1. First, the density of sites found in the Ave Valley field survey (Table 7.2) was greater than that noted in the Tarragona area where there were 3.22 Iberian (i.e. Iron Age) sites per km² and 3.125 sites per km² of the Republic and Early Empire (Carreté et al. 1995, 248). This is certainly partially a result of the more constrained landscape in this survey area, meaning that settlement sites were preferentially constructed where the survey was concentrated in the valleys. Nevertheless, this high density of sites suggests a much more prosperous agrarian society in the Iron Age and Roman periods than has often been suggested.
  2. Second, the range of sites represented in the Ave Valley is much more limited than found in the Tarragona region. Although it has not been possible to measure site size in this survey, the overall impression is predominantly of small farmsteads (aside from the castros). In contrast, the Tarragona survey found a wider range of site sizes and a pattern of increasing differentiation of sizes and forms through time (Carreté et al. 1995, 2323, 249).
  3. Finally, we should note that in comparison with the Tarragona area, there is a stronger pattern of site continuity in this area (Table 7.1). These last two features together suggest a much more stable society, with the establishment of new sites in the Roman period but little evidence for the emergence of dominant rural sites (i.e. villas) or the accumulation of large land holdings. Although our evidence is insufficient to allow much further speculation, we can surely point towards a society in this part of Portugal that was far less influenced by the Roman world than that around Tarragona. Nevertheless, the all too common stereotype of a backward and poor region has been comprehensively demolished by the work in this survey. In the Roman period, as today, the lower lying parts of the region were heavily occupied, arguably by groups who retained social structures focused on local centres at the castros. Whether or not the latter remained in occupation, they certainly seem to have remained in the view of the occupants.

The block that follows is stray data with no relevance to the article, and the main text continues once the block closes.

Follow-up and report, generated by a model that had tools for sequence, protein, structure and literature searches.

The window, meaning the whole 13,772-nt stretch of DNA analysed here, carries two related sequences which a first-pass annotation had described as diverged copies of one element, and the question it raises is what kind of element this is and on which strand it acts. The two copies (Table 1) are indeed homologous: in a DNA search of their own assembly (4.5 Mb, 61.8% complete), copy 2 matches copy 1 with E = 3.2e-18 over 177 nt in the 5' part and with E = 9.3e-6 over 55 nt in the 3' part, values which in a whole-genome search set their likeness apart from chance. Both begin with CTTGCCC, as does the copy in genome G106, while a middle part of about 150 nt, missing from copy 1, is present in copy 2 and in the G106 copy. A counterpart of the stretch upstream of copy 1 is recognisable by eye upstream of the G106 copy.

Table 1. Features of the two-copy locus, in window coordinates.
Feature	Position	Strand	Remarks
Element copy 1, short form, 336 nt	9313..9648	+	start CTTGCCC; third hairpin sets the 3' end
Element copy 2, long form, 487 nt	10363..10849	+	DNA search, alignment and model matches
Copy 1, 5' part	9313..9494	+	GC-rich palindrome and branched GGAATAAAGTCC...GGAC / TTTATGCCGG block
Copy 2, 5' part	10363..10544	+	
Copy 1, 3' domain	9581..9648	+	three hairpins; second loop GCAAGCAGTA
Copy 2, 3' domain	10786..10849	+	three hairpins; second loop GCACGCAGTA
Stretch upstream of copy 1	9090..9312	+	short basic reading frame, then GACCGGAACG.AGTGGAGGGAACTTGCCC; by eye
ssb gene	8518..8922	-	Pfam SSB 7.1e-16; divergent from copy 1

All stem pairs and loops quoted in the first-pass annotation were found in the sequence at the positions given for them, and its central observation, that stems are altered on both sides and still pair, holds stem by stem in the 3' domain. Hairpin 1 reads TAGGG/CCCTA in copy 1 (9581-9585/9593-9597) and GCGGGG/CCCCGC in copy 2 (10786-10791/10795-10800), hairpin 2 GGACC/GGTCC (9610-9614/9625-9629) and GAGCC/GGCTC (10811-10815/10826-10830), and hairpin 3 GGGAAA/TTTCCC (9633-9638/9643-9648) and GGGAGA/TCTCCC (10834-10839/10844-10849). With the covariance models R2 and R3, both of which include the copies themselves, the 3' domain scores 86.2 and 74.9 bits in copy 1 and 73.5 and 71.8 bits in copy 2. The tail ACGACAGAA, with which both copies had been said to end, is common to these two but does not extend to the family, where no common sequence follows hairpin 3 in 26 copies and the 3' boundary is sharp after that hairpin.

Some broader issues concerning the transition from Iron Age to Roman in this part of Portugal are developed further elsewhere (Millett forthcoming).

7.1 Future work

The extensive data from the survey offer much scope for future work, although such studies will probably rely on the future analysis of excavated material from the region providing a more refined chronology. Equally, more spatial analysis of material in the GIS would be worthwhile, investigating, for instance, the influence of drainage across the study area. Further viewshed analysis and cost analysis would also be worthwhile, using improved models which take into account the influence of changing climate, vegetation and watercourses.

In a broader context, additional fieldwalking surveys would certainly improve our knowledge of the region. Such work is certainly needed in the areas where development pressures are most intense, as our work has shown that there are many more sites to be found than previously believed. Such work might be best targeted on discrete regions rather than sample transects. It would also benefit from being undertaken over longer seasons throughout the year. Finally, any further work in the region would undoubtedly benefit from a detailed geomorphological assessment of the areas studied, as we still do not fully understand the processes of very localised erosion and deposition which characterise this area.


© Internet Archaeology URL:
Last updated: Sat Dec 30 2000